The GSU Recce had preferred to haul Rogo to court on charges of illegal possession of firearm contrary to expectation of terrorism charges. As the case dragged on, the new boys in town, Obama’s boys, VU of FAST, it is alleged, struck killing Rogo hot on the heels of a UN Security Council report that had cited the cleric, and close associates, as drug traffickers.
While the anti-terrorism unit has had its wings clipped in terms of extra-judicial powers through legislation, the new FAST unit is still flying without hindrance and far more extra-judicial reach than the anti-terror squads previously enjoyed under George Bush.
In an operation in Honduras last March, the new elite unit, FAST, killed two suspected narcotics agents, an action that the US has been at pains to deny direct involvement.
While the attackers of Westgate prepared their shocking entry, the Kenya Intelligence were busy working for FAST; looking the other direction at another cleric cited as a Rogo associate Sheikh Ibrahim Ismael (now also dead), Senator Gideon Mbuvi Mike Sonko (Nairobi), Governor Ali Hassan Joho (Mombasa), and a bunch of deported Nigerians.
It is in Obama’s elite unit FAST that the money had been shifted by Washington and this was the area of focus for the Intelligence service led by Michael Gachangi, an arm of the national Security Council also consisting of the Police led by Inspector David Kimaiyo, KDF headed by Julius Karangi and Defense Secretary Rachel Omamo as equal partners. The President is the Commander-in-Chief who cannot act alone and must involve a sitting of the National Assembly, according to the devolved system of government.
Days following the attack at Westgate, the quarrelsome relationship between these three key arms of security emerged botching up a rescue effort and leading up to an unnecessary state of terror. Each arm, prior to the attack, was competing for the president’s direct ear instead of the required constitutional conformations.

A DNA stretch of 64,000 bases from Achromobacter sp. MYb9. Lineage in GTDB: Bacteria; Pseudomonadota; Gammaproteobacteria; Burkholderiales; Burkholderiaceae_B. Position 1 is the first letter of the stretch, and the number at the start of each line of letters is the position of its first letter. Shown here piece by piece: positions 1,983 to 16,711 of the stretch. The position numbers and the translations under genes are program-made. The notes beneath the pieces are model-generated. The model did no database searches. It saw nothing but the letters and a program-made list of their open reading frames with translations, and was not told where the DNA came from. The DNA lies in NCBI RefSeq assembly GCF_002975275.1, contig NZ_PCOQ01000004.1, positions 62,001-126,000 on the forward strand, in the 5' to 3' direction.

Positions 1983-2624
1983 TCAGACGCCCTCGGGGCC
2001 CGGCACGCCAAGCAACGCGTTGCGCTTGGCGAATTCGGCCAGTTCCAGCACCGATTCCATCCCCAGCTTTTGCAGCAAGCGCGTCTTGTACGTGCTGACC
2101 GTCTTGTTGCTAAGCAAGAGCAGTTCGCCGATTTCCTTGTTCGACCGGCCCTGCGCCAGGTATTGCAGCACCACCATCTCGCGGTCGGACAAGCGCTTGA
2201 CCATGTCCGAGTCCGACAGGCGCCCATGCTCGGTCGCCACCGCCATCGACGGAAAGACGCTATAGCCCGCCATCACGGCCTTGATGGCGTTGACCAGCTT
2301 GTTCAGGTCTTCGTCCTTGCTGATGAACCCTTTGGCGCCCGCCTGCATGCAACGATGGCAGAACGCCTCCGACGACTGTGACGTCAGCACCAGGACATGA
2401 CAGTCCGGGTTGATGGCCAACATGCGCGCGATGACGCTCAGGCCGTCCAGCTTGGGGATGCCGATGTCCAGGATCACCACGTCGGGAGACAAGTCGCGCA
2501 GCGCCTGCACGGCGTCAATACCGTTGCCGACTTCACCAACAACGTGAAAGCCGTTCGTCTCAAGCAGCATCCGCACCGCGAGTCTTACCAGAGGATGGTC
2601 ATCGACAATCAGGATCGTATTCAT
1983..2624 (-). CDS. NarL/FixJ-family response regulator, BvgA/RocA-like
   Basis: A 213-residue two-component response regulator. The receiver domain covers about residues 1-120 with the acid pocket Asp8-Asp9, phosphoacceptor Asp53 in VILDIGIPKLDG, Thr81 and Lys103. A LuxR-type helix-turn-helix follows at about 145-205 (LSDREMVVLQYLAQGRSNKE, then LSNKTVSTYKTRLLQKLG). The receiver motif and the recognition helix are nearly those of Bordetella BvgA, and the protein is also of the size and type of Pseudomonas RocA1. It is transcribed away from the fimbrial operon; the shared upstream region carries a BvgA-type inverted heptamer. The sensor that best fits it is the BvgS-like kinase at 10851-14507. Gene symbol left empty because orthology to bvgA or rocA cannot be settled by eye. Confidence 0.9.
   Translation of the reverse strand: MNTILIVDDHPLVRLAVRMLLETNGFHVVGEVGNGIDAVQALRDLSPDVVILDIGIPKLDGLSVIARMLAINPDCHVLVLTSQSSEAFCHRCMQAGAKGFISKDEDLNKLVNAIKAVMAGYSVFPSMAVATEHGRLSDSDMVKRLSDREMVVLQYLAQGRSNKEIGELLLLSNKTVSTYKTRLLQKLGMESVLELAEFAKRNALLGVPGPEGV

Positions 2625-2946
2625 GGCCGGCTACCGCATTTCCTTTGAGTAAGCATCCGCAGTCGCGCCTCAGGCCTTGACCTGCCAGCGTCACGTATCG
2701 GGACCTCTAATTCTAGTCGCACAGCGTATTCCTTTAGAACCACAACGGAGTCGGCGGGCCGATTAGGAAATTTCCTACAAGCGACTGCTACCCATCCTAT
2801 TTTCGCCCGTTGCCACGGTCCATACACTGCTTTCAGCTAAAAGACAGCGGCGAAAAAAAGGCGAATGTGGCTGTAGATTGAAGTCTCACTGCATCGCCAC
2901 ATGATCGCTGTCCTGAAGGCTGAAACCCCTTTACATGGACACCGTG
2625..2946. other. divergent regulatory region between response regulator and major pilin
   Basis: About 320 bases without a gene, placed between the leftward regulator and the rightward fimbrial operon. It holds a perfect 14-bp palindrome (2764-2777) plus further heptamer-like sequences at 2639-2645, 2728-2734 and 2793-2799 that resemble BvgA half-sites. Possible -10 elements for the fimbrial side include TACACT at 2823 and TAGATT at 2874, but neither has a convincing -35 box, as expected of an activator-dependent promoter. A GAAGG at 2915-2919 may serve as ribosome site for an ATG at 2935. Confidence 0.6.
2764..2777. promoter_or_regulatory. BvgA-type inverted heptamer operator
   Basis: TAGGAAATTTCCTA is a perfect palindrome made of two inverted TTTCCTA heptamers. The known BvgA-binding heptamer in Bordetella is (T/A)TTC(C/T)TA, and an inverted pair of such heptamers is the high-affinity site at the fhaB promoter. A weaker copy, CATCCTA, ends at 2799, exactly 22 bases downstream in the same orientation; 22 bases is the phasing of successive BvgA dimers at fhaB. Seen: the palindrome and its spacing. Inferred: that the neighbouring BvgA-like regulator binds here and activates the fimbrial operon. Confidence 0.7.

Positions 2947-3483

Even as the attack reeled on television, inter-agency security differences were boiling over in the president’s ear until KDF chose to subvert the constitution and march in at the behest of Ruto who was still bogged down with his trial at The Hague, according to sources who require anonymity.
It is not the first time the Deputy President has shown the Commander-in-Chief that he has commanding authority over KDF despite the fact that his office is detached from links with security apparatus.
In May, Ruto was reported to have deployed the military for operations in Marsbit, a subject that angered MPs Aghostinho Neto (Ndhiwa), Chris Bichage (Nyaribari Chache) and Kenneth Okoth (Kibra) saying;
“The Constitution clearly stipulates in Article 241 that it is only Parliament that has powers to order for the deployment of the military. Under what powers did Ruto order deployment of the military to Marsabit?
“Failure by the Executive to adhere to the constitutional provision is an affront to parliament and the laws of the republic. We must avoid a situation where one person wakes up in the morning and gives directives in total disregard of the law,” Okoth said.
The matter came to pass without controversy, until again the unseen hand of Ruto appeared to order the military out to Westgate, take control of an ending siege and extend it until the ICC conveniently gave Ruto a break from trial.
In fact, it was the post-election violence that initiated the competition between Kenya’s security forces, the same unhelpful competition that derailed the government’s Westgate operation.
The sour relationship among the local security agencies (police, army and intelligence) spiked after the 2007 contentious general election violence that left thousands dead or displaced.
Kenyatta and Ruto are facing crimes against humanity at the International Criminals Court (ICC), alongside journalist Joshua Sang for killings and displacements that took place during this period. When the Office of The Prosecutor (OTP) investigated Kenya, at the behest of the National Assembly, a large portion of their report was informed by Non-Governmental Organisations (NGOs), the police (Kimaiyo), Intelligence (Gachangi) and KDF (Karangi).